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How Much “Luggage” Can You Carry?

by Steve Scott | Join Him On Facebook

The topic of this post has been on been on my mind lately. Also, I have to give credit to my new friend Adriana who gave me the idea for this title…

I did a lot of research while planning my trip to Europe. Those photographs of famous landmarks on travel websites had me oohing and ahhing just as much as you’d expect they would.

It’s funny though … I didn’t really think much about the physical process of actually getting to Europe until it was time to board the plane. I spent all my time figuring out what to pack and mapping out the places I’d go once I was there.

I now speak from experience: traveling halfway across “the pond” involves a plane ride that seems twice as long as it really is. Even if you manage to sleep through some of it (you have an awful lot of time on your hands. That means I did a lot of thinking in between dozing off, watching movies, and writing blog pieces.

Losing Relationships???

The thing that worries — or maybe a better word is irritates — me the most is the fact that I’ll most likely lose some relationships while I’m away from home for such a long time.

When we’re kids, we have this misconceived notion that once we hit a certain age, we’re suddenly “grown-ups” who have to act like full-fledged adults from then on out. Adulthood carries some major responsibilities with it that we never dreamed of at age sixteen, but a most adults still act like teenagers when it comes to their relationships.

Once I started telling my friends and family about my travel plans, it almost seemed as if I was immediately placed on the back burner. I had quite a few of those pseudo-polite “Wow, must be nice to have that kind of life!” remarks from people who act like the world owes them something, but I was expecting that. Things just started … changing once people knew I was going away.

No one told me off for deciding to travel, but it almost seemed as if the general consensus became, “Steve isn’t going to be around next month anyway, so why should we invite him to dinner this weekend?”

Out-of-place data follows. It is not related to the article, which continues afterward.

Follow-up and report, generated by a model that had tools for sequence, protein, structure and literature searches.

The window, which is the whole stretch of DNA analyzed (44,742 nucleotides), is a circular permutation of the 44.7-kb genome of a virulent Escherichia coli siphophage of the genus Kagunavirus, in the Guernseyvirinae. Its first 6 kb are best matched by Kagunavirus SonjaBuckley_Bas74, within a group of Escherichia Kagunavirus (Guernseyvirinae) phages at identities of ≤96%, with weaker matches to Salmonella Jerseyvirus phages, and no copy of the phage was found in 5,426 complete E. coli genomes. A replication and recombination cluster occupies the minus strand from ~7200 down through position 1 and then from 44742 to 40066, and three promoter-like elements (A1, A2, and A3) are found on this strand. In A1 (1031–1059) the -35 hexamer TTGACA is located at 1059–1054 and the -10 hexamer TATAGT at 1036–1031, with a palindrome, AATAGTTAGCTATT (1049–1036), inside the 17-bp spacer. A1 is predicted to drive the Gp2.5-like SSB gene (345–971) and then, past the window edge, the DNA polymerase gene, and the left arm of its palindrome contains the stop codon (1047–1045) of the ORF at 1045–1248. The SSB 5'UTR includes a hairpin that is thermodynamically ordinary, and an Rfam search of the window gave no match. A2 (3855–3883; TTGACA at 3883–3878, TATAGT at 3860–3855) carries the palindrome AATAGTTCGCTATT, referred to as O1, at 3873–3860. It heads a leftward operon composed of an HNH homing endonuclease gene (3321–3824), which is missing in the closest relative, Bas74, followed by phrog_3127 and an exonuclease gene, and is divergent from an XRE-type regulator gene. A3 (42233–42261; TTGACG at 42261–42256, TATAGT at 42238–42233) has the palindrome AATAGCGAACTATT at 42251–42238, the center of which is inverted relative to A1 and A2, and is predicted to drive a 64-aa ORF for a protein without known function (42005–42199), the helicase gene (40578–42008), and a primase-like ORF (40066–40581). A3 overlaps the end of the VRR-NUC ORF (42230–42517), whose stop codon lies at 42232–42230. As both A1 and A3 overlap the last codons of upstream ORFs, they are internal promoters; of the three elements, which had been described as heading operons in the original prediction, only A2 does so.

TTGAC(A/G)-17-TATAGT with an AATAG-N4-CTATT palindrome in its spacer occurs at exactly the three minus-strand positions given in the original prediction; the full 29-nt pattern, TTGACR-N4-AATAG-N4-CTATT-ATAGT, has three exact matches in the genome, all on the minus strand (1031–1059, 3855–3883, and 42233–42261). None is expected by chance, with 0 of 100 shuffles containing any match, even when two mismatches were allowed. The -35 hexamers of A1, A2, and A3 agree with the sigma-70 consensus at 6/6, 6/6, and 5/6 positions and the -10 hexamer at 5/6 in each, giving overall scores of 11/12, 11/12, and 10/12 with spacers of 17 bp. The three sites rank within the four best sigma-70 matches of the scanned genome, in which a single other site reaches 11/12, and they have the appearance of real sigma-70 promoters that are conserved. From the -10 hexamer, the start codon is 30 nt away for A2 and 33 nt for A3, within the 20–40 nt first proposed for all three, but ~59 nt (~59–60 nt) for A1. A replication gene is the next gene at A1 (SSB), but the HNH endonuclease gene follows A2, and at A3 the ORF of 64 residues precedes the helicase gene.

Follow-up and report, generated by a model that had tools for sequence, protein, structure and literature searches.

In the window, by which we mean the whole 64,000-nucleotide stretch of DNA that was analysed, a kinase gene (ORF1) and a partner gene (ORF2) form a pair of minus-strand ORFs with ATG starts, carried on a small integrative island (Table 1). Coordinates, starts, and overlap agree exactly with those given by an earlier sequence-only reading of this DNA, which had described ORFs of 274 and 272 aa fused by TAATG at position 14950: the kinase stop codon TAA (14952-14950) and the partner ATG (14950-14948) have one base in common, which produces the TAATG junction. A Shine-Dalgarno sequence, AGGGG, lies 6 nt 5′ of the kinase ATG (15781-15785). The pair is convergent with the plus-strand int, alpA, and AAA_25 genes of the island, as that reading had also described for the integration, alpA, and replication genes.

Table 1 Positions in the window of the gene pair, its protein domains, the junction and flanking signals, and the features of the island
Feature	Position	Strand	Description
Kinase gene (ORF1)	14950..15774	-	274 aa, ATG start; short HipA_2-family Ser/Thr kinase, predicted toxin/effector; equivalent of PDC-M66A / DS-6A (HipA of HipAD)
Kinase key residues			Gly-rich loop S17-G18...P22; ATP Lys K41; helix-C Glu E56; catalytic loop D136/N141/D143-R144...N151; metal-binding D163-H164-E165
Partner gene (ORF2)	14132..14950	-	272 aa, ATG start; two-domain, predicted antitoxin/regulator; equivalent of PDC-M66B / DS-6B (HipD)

For some odd reason, this all made me feel guilty, even though I know it shouldn’t. I’m afraid that an emergency may come up and I’ll need to get back home for that, but let’s be realistic: an emergency could also happen while I’m down the street. Where I’m located at the time can’t prevent bad things from happening.

I’ve been a fan of Tim Ferriss’s book The 4 Hour Workweek for a long time, but I think he overlooks the fact that long-distance traveling means you can’t build long-term relationships.

Businessmen who frequently travel for work wind up divorced pretty regularly and cross-country truckers are usually single, too. It’s not uncommon: travel distances you from friends. I won’t be a factor in my family and friends’ lives, so it’s going to be hard to get back into them once I return home.

As always, I love to hear from everyone else, so now I want to know what you think.

  • Is it possible to do a lot of traveling and still remain close to those you care for?
  • If so, what strategies would you recommend?
  • Is it selfish to think of yourself first, before the needs of others?

Please comment below…

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{ 9 comments }

Wilma

Hi Steve